A sim­pler life than it is to­day

The Southern Gazette - - EDITOR’S VIEWPOINT - Out From The Har­bour Harold Wal­ters is a re­tired teacher liv­ing in Dunville, Pla­cen­tia Bay.

Hard to imag­ine liv­ing in a com­mu­nity with­out au­to­mo­biles, eh b’ys?

In [Flanker Press], Rex Brown re­calls such a place — Tack’s Beach, a place where one al­ways yielded the right of way to the men with the hand bar­rows.

Un­til it was re-set­tled in the late 1960s, Tack’s Beach was an ac­tive fish­ing vil­lage on King’s Is­land, part of an ar­chi­pel­ago deep in Pla­cen­tia Bay. Like many other New­found­lan­ders, the people of Tack’s Beach were up­rooted from their out­port homes and more or less forced to shift kit and ca­boo­dle, bed frames and bread pans, to more cen­tral­ized growth [?] ar­eas.

Fifty-plus-years later, a gen­er­a­tion of grey­haired New­found­lan­ders still re­flects on those ear­lier times in their for­mer homes. In this book, Rex Brown re­flects on life in Tack’s Beach be­fore re­set­tle­ment. He takes his reader’s hand and leads him — yes, yes, or her — all around the har­bour, chit-chat­ting and yarn­ing as they mo­sey.

Brown points out var­i­ous houses and prop­er­ties: the Bolts, Greens, Bar­retts, Browns; the church, the shop, the school, the wharves. Al­most like an an­i­mist, he even points to nat­u­ral ob­jects as if they have souls of their own: the Big Rock; an enor­mous free­stand­ing spruce tree; a ven­er­a­ble, totemic plum tree.

For­mer res­i­dents of Tack’s Beach, their ex­tended fam­i­lies and oth­ers al­ready fa­mil­iar with the com­mu­nity are most likely to iden­tify with the par­tic­u­lars in­di­cated: the au­thor’s fam­ily home, the road to Broad Cove, for in­stance, and the his­to­ries of in­di­vid­ual fam­i­lies.

While the item­ized fea­tures of Tack’s Beach don’t mean much to me, it is kind of spooky to re­al­ize the sim­i­lar­i­ties be­tween the au­thor’s life and mine; be­tween cer­tain as­pects of the au­thor’s, dare I say, per­son­al­ity and mine.

Both reared to a large part in the 1950s, the au­thor and I grew up to be school teach­ers. Per­haps our pro­fes­sions were pre-des­tined, and be­cause of that, as boys we suf­fered ob­vi­ous de­fi­cien­cies, at least in the eyes of the men with the hand bar­rows.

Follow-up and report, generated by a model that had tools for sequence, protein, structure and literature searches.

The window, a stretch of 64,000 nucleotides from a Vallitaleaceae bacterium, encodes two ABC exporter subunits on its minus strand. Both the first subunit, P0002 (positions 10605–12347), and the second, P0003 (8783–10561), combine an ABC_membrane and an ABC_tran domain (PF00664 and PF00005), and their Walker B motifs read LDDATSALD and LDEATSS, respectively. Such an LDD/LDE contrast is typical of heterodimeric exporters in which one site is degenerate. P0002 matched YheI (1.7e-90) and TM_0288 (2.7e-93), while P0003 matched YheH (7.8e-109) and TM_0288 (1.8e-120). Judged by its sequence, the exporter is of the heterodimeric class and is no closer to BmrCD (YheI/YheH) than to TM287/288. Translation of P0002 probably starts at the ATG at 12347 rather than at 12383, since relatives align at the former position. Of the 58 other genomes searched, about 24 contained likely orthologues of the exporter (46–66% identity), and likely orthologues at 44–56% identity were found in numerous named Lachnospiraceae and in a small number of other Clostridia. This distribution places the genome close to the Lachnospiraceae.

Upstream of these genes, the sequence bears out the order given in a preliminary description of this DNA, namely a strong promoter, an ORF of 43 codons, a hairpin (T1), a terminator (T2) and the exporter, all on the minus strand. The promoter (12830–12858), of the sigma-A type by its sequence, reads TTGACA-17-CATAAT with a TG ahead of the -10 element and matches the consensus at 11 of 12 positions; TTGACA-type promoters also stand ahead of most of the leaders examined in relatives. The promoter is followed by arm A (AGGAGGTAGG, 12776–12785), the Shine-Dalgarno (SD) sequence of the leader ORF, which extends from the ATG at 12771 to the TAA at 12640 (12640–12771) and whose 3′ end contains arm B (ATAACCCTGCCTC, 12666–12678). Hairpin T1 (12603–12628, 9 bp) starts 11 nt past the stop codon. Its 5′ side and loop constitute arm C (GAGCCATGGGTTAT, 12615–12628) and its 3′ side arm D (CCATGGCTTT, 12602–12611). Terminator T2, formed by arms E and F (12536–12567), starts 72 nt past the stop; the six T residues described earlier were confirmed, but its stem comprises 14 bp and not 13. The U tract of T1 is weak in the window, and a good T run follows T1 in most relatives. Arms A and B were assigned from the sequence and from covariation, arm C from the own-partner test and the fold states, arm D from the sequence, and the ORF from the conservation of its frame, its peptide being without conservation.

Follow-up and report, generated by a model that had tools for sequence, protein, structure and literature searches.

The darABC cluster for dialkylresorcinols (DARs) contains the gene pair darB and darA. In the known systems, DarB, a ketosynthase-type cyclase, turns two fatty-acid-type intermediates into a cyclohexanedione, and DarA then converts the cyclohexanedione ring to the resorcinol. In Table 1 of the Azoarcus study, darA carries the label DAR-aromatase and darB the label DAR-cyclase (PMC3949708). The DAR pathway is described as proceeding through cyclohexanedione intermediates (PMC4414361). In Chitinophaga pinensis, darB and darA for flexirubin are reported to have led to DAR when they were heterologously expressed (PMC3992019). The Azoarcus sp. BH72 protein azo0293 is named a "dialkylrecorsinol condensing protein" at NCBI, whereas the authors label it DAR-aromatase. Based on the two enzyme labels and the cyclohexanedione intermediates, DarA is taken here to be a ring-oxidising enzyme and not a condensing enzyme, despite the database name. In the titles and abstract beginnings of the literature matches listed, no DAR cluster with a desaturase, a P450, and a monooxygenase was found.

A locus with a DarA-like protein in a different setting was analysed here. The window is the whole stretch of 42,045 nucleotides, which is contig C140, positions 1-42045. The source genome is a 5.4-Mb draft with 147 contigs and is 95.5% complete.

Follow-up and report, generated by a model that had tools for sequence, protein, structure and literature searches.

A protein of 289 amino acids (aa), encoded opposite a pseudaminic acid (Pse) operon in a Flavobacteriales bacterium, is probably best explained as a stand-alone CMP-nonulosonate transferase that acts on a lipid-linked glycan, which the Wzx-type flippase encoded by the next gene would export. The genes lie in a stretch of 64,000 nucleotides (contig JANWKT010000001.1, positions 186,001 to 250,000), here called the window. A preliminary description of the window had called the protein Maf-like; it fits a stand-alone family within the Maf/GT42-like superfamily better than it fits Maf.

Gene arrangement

Brown con­fesses that his skill set was “what­ever is the di­rect op­po­site of jack of all trades.” Even­tu­ally, he man­aged to mas­ter the six-horse power At­lantic en­gine in a trap skiff. Nev­er­the­less, he “for­ever felt in­ad­e­quate.” I know the feel­ing. Ev­ery other bay boy in my out­port home could heave over the fly­wheel of an en­gine or steer with a sculling oar. Not this bay boy. I never did mas­ter sculling or un­der­stand the im­por­tance of an ig­niter. For frig sake, even now I some­times call a neigh­bour to help me re­place a spark plug in my lawn­mower. I get the im­pres­sion Rex Brown en­joyed a game of pid­dley and maybe ex­hib­ited some skill at smack­ing the pid­dley stick. Not me. And you know I was too clumsy to ever walk on stilts. What? Don’t in­sult me; of course I could ride a bike.

There was one bay-boy pas­time at which I was adept. I could stomp my boots on milk cans and squat them on my feet as horse­shoes. Lube tins, by the way, were su­pe­rior to milk cans be­cause, be­ing larger, they curled over the in­step and gripped like ski boots.

Rex Brown’s fam­ily well was “di­vined” he says by Un­cle Fred Eddy. The well in our gar­den on Ran­dom Is­land was also di­vined by a wa­ter witch who marled back and forth un­til the skiver of forkeyed alder in his hand bent down like a knotty fin­ger point­ing to un­der­ground wa­ter. Truly. No doubt, life out the bay — or around it for that mat­ter — in many ways was sim­pler than it is to­day. A life­time ago, young­sters would run half a mile to see kit­tens be­fore they opened their eyes; or a day old lamb frol­ick­ing in a grass-gar­den; or the rare wolf fish trapped and hove up on the wharf; or the rarer yel­low lob­ster Mr. John Henry once landed in Tack’s Beach.

Both Rex and I suf­fered [!?] through lengthy church ser­vices dur­ing which the num­ber of hymns was more daunt­ing than an in­ter­minable ser­mon, es­pe­cially if some of them had seven or eight verses plus a cho­rus. Lordy. I don’t know about Rex, but I know more than one Sun­day I beavered my teeth into the wood of the seat in front of me and gouged notches still vis­i­ble.

And that was be­fore Mammy dragged me to my feet to join the singing while the or­gan huffed like a bel­lows in a painful Protes­tant drone.

Thank you for read­ing.

gh­wal­[email protected]­sona.ca

Newspapers in English

Newspapers from Canada

© PressReader. All rights reserved.